Master of Planning (MPlan)

The Masters program is a 20-month program with a work term in the summer (third) semester. The program consists of 45 credit hours of required course work, and 15 credit hours of elective course work. The work term is a non-credit co-op academic requirement. The program may also be completed through part-time study over a longer period of time (maximum seven years).

Because of the interactive nature of the core studio and course curriculum, students must be present on campus during the terms they register for required courses, except for the work term.

The required courses provide the fundamental elements of a planning education. They cover planning theory, history, practice, law, and methods, and provide community-based project experience that allows students to understand the institutional, social, and environmental contexts within which planners work. Courses allow students to develop planning skills and knowledge and to apply them to real community problems.

In the second year of the MPlan program, all students take on two major research-based projects: one individual and one team project.

The elective courses enable students to pursue individual interests and areas of specialized knowledge relevant to their studies in planning. Courses offered within the School focus on community design, urban design, environmental planning, land use planning, urban and environmental history, land economics, transportation planning, housing, and land development. Students must take at least half of their elective credit hours from offerings within the School of Planning.

Electives may be taken in other Dalhousie departments, or at other universities in Halifax, with the permission of the Graduate Coordinator. In some cases, elective credit hours may be given for suitable courses taken at other universities in Canada or abroad. Students wishing to take courses outside the School need permission of the Graduate Coordinator.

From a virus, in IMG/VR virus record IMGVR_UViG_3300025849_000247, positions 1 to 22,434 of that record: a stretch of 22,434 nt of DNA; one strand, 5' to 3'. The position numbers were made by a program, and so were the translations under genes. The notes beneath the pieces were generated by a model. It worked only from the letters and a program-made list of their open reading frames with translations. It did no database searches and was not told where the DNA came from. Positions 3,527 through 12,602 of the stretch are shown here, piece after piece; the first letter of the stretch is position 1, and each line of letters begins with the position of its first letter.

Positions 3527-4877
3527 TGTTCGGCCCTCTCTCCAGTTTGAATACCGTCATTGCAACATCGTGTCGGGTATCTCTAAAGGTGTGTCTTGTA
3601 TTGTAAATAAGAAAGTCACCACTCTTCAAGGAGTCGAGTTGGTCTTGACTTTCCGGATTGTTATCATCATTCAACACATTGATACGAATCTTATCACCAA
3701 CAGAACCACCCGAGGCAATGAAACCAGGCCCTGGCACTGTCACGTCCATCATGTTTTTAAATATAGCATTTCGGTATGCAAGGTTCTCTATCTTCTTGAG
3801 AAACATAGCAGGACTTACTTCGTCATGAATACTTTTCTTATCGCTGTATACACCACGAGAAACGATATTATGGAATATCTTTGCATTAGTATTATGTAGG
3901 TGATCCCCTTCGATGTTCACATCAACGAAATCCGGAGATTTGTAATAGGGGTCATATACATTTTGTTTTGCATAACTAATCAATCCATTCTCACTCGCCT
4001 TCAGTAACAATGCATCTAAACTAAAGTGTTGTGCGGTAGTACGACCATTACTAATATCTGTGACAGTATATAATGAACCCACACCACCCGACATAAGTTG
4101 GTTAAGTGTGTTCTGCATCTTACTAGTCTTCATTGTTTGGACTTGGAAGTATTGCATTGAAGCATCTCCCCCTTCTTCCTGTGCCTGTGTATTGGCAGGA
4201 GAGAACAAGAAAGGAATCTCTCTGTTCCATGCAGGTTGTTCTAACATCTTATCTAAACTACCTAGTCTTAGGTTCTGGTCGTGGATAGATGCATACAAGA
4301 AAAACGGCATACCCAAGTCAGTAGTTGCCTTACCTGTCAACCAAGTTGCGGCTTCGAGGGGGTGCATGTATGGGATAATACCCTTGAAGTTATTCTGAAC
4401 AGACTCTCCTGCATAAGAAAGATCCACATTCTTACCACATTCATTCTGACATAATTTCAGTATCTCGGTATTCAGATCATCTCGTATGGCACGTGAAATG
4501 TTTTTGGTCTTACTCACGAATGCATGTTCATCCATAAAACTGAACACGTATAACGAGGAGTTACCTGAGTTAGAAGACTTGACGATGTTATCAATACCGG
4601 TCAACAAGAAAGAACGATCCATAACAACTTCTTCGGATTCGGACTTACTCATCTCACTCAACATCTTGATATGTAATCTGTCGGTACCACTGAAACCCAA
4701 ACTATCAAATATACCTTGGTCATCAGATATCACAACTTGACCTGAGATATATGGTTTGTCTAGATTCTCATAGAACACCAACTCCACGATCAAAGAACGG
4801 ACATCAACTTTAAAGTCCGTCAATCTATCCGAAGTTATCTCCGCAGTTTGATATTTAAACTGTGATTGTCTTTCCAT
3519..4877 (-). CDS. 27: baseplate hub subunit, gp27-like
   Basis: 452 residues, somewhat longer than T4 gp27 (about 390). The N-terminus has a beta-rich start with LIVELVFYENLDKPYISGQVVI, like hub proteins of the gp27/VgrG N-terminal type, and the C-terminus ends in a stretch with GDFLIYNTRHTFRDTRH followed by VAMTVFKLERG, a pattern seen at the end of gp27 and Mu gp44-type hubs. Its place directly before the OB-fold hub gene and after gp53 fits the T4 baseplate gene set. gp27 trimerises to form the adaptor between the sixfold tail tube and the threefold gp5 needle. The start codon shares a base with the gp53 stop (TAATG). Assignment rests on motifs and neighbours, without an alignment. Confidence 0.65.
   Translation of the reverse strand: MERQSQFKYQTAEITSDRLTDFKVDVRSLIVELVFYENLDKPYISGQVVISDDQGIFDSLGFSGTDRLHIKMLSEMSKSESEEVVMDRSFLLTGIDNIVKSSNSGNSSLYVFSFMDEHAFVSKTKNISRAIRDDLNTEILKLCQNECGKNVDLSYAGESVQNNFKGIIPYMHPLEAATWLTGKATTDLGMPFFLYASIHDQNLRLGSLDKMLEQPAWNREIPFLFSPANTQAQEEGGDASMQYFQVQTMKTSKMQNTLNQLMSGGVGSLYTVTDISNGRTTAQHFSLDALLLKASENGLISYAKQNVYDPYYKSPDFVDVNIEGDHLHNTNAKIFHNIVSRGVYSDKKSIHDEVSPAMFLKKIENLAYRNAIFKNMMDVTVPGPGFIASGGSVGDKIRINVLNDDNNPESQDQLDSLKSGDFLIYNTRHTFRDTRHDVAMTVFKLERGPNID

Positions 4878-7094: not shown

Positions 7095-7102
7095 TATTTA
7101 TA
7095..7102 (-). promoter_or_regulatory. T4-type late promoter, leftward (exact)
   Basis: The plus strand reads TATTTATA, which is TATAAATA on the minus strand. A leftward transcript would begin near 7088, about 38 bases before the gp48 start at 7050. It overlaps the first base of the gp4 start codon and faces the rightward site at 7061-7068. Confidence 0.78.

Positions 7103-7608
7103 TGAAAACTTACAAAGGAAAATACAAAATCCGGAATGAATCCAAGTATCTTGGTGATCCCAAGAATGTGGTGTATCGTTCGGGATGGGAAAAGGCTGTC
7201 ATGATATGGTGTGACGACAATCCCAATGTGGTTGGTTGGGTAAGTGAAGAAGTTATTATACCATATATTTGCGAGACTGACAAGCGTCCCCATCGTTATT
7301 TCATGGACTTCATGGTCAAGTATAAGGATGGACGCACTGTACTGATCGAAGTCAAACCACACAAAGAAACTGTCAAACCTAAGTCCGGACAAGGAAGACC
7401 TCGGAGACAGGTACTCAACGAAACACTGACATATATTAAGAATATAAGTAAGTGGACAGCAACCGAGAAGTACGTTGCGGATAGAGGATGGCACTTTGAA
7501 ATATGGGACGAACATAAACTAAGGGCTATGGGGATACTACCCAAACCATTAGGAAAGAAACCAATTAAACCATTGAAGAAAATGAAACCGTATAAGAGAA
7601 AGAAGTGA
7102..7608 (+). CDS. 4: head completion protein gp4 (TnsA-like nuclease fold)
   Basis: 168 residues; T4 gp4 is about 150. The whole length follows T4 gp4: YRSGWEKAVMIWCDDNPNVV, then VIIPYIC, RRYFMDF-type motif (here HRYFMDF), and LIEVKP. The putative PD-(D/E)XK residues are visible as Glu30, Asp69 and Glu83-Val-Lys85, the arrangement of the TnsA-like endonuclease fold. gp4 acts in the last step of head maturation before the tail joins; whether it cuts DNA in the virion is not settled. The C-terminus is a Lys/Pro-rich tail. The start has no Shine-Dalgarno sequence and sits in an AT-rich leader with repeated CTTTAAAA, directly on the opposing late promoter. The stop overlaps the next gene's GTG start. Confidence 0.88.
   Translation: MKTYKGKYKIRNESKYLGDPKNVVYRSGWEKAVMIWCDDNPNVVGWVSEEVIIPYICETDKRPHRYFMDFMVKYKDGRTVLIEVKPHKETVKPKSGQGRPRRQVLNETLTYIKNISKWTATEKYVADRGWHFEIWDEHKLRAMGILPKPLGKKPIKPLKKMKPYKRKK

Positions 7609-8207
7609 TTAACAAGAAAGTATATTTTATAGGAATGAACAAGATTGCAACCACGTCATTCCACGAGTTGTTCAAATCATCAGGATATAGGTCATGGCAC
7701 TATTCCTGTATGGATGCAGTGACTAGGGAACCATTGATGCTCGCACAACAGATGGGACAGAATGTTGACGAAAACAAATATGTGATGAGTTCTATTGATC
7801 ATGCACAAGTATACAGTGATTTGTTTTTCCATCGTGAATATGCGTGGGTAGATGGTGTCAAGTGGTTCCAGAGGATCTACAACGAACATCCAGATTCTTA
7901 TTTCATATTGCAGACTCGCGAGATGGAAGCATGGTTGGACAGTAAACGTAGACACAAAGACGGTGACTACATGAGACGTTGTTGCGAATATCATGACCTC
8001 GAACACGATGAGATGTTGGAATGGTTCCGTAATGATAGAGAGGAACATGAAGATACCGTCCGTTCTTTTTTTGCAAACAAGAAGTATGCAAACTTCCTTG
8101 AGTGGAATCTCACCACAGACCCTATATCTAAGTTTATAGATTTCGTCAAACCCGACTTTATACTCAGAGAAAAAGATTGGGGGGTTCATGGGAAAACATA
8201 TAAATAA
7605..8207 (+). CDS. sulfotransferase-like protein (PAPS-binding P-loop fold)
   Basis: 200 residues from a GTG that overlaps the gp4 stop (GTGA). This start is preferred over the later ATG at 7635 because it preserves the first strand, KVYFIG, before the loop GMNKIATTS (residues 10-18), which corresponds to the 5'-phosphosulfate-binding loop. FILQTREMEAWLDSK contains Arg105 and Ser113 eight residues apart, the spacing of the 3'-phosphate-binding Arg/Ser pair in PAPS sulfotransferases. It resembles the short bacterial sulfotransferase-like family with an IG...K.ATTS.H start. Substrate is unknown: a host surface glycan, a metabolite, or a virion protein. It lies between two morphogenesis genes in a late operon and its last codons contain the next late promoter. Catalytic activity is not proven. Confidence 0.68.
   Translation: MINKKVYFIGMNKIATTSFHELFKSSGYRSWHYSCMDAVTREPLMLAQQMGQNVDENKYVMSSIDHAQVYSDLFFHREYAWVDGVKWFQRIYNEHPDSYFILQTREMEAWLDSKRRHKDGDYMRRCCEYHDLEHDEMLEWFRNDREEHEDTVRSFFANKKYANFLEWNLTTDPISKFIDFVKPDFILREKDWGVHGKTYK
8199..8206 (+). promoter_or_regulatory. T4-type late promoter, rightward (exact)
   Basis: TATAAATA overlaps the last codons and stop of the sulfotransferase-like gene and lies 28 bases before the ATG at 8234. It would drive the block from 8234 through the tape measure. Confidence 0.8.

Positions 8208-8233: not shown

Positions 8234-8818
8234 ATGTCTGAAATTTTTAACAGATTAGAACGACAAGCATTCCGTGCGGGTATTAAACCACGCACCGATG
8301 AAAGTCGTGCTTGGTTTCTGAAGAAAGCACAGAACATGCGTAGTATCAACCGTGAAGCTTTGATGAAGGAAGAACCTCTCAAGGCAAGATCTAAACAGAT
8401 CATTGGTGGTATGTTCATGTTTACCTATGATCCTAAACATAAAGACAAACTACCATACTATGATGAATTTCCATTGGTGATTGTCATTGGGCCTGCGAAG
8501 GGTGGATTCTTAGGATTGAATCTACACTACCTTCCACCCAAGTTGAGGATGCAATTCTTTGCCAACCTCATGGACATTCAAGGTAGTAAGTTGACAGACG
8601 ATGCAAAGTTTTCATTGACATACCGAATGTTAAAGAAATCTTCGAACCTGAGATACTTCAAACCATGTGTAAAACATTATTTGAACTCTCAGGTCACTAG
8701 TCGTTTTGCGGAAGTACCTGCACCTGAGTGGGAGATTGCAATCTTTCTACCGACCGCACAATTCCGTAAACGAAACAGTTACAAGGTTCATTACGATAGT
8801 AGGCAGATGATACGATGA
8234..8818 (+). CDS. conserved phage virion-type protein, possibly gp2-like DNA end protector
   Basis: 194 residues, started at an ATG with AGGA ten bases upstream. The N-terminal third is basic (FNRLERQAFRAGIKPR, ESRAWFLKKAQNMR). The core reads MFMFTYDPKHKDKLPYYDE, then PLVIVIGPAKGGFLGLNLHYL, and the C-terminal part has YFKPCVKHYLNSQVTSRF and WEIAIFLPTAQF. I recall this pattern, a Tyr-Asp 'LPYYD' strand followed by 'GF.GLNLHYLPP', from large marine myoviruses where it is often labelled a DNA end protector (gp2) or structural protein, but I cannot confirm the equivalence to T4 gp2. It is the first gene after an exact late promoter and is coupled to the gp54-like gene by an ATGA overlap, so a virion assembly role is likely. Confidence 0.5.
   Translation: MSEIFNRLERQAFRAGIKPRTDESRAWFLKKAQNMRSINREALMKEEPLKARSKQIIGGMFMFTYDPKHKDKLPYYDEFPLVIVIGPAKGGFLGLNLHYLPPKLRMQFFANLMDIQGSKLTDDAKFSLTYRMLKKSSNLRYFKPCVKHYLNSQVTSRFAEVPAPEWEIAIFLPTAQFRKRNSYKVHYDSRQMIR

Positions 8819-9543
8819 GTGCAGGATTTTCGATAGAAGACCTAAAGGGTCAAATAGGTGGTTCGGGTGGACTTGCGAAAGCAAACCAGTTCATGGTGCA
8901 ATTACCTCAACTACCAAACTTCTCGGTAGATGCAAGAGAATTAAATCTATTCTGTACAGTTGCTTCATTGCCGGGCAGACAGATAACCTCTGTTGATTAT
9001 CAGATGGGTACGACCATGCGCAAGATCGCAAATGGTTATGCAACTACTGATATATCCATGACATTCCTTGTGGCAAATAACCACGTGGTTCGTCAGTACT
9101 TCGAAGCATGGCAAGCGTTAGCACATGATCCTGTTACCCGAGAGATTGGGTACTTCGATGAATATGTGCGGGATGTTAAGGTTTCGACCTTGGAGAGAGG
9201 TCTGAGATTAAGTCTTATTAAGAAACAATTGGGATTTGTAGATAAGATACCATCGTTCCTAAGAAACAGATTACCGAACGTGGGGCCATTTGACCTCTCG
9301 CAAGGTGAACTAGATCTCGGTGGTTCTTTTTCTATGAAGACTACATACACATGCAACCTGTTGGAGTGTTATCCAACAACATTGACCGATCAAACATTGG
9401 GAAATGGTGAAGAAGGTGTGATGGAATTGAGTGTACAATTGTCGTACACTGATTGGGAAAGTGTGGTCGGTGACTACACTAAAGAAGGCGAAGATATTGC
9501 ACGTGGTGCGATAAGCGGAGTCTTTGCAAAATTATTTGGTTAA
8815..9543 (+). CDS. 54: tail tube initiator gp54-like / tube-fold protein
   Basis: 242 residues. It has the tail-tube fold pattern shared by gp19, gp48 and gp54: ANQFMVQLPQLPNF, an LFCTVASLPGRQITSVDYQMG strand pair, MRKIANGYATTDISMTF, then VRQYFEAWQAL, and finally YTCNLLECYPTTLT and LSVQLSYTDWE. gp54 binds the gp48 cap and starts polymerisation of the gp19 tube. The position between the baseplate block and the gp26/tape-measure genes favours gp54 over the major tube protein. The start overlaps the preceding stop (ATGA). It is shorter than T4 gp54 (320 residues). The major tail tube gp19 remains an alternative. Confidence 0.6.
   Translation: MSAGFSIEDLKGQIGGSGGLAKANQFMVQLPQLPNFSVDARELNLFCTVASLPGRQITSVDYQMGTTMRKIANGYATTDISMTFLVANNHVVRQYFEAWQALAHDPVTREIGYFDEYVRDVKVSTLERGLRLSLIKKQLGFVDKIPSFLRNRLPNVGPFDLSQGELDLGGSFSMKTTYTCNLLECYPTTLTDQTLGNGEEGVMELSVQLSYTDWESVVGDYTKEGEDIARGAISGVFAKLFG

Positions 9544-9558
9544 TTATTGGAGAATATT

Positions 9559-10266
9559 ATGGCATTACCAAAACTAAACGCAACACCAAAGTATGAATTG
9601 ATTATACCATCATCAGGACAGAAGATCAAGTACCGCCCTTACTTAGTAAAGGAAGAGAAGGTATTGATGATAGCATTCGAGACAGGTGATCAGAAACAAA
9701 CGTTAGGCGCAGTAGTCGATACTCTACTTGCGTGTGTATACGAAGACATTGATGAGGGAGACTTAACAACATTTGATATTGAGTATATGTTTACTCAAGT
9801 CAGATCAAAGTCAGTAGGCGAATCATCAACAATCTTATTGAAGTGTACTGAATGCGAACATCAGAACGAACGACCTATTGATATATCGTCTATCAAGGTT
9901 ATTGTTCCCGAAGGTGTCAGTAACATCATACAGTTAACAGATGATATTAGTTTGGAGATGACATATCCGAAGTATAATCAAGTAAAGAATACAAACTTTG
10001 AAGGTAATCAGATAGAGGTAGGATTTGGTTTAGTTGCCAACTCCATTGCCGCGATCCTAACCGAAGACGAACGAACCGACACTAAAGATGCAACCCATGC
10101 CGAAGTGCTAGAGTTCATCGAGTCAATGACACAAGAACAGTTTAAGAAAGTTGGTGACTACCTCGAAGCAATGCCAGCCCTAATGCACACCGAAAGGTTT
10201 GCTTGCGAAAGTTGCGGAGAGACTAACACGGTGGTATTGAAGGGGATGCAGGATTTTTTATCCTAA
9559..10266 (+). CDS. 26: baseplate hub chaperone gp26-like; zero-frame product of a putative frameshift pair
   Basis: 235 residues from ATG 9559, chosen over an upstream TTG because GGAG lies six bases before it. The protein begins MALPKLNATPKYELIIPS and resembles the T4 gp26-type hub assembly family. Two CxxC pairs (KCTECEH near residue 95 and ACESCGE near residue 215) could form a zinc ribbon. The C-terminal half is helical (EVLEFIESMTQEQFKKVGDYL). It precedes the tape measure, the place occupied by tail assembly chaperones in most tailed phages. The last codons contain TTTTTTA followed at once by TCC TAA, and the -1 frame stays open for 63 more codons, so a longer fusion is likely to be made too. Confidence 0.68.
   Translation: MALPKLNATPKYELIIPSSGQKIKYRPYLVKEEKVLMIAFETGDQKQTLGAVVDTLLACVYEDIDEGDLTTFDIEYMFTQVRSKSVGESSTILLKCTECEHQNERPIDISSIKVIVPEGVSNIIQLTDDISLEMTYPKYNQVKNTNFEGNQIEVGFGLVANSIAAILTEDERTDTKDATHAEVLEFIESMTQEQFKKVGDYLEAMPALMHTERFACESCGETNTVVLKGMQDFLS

Work Term

The program includes a work term (during the summer after the first academic year) that provides students with practical experience in planning. The Director of Career Services for the Faculty of Architecture and Planning assists students in preparing their search for suitable work term placements; students should note, however, that they are responsible for securing appropriate placements. In recent years, planning students have been employed throughout Atlantic Canada and most other Canadian provinces, and some have chosen to work abroad (e.g., in the United States and Europe). Students are encouraged to begin their search for work-term placements early in their first year of study in the program, and to be prepared to travel outside of the Halifax area to obtain work experience.

Professional Certification

On completion of the MPlan degree and obtaining employment in planning, graduates are eligible to apply for Candidate membership in one of the Provincial or Territorial Institutes or Associations of professional planners as the first step to becoming a registered or licensed professional planner. The certification process that follows is administered on behalf of the institutes or the associations by the Professional Standards Board for the Planning Profession in Canada using national standards for certification. Foreign applicants are advised to contact the Professional Standards Board about requirements for professional registration.